Robert Sawatzky
Oct 2, 2020

Google to pay out over $1 billion to news publishers for licensing fees

Biggest financial commitment to date will involve select global publishers who use Google's News Showcase product, initially on Android.

Google to pay out over $1 billion to news publishers for licensing fees

Google is extending an olive branch, or rather opening a bank branch, for the news publishing community with a pledge to pay out over $1 billion in licensing fees for news content.

Google CEO Sundar Pichai outlined the new initiative in a blog post on Thursday, centered around a new product called Google News Showcase.  Curated content from select newsrooms will be presented to readers in the form of story panels that will appear initaly in Google News on Android and will launch "soon" on iOS and in Search in future. 

"These panels give participating publishers the ability to package the stories that appear within Google’s news products, providing deeper storytelling and more context through features like timelines, bullets and related articles. Other components like video, audio and daily briefings will come next," Pichai said. 

The product has been rolled out to readers in Brazil and Germany to start and wil expand to other countries in the coming months. Google says it has signed partnerships for News Showcase with nearly 200 leading publications across Germany, Brazil, Argentina, Canada, the UK and Australia, including Der Spiegel, Stern, S.Paulo, Band and Infobae, but the number of publications will grow as the product expands to other countries including India, Belgium and the Netherlands.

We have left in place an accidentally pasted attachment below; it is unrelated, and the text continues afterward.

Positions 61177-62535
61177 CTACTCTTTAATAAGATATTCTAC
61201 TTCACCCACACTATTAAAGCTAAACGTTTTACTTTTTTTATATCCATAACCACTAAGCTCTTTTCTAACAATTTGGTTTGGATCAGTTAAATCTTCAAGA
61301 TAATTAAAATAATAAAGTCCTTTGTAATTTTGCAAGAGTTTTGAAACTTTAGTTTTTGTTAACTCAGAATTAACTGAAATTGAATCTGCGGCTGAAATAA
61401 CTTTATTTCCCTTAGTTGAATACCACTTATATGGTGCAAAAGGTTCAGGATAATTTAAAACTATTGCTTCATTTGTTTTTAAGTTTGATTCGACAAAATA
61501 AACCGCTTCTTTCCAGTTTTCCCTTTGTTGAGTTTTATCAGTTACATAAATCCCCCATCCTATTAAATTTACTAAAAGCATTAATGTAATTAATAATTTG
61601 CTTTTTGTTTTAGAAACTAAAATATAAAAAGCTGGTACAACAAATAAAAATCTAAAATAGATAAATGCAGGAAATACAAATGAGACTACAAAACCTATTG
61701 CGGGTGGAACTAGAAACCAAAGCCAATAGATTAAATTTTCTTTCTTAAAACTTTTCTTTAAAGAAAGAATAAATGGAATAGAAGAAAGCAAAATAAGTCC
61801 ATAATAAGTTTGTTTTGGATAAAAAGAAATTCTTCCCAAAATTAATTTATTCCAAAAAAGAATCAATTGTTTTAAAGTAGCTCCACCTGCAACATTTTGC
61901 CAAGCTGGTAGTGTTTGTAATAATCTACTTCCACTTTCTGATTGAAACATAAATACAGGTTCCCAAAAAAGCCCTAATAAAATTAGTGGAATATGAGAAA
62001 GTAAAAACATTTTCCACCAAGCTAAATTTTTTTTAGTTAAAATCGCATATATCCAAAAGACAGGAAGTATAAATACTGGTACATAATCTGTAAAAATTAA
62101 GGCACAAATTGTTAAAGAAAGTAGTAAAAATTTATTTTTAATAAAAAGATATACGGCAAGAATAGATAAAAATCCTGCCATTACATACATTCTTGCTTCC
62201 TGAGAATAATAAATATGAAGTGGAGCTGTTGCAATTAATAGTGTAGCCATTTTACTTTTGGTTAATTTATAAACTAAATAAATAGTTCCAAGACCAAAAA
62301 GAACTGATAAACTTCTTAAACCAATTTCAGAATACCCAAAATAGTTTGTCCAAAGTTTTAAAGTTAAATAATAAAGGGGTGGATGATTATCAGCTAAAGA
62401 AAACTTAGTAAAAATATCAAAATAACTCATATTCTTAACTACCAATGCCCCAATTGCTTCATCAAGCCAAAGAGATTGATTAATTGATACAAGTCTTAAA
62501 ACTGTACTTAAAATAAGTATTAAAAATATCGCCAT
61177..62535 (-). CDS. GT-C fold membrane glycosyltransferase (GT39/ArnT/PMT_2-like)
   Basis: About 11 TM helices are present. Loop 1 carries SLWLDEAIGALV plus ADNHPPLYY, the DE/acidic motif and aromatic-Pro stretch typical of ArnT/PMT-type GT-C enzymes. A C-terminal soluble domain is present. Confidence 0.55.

It is significant that the initial list includes Australian publishers, who are currently locked in negotiations with regulators and the platforms to work out a new deal to compensate and support the news industry.

News publishers have long complained that news aggregation on big platforms like Facebook and Google, while useful to grow digital readership, have stolen the lion's share of advertising from the fruits of their labours. 

While both Facebook and Google have made sizeable commitments to support news publishing, attempts to compel the platforms to pay publishers and share algorithm changes in advance have been met with firm resistance by both Facebook and Google

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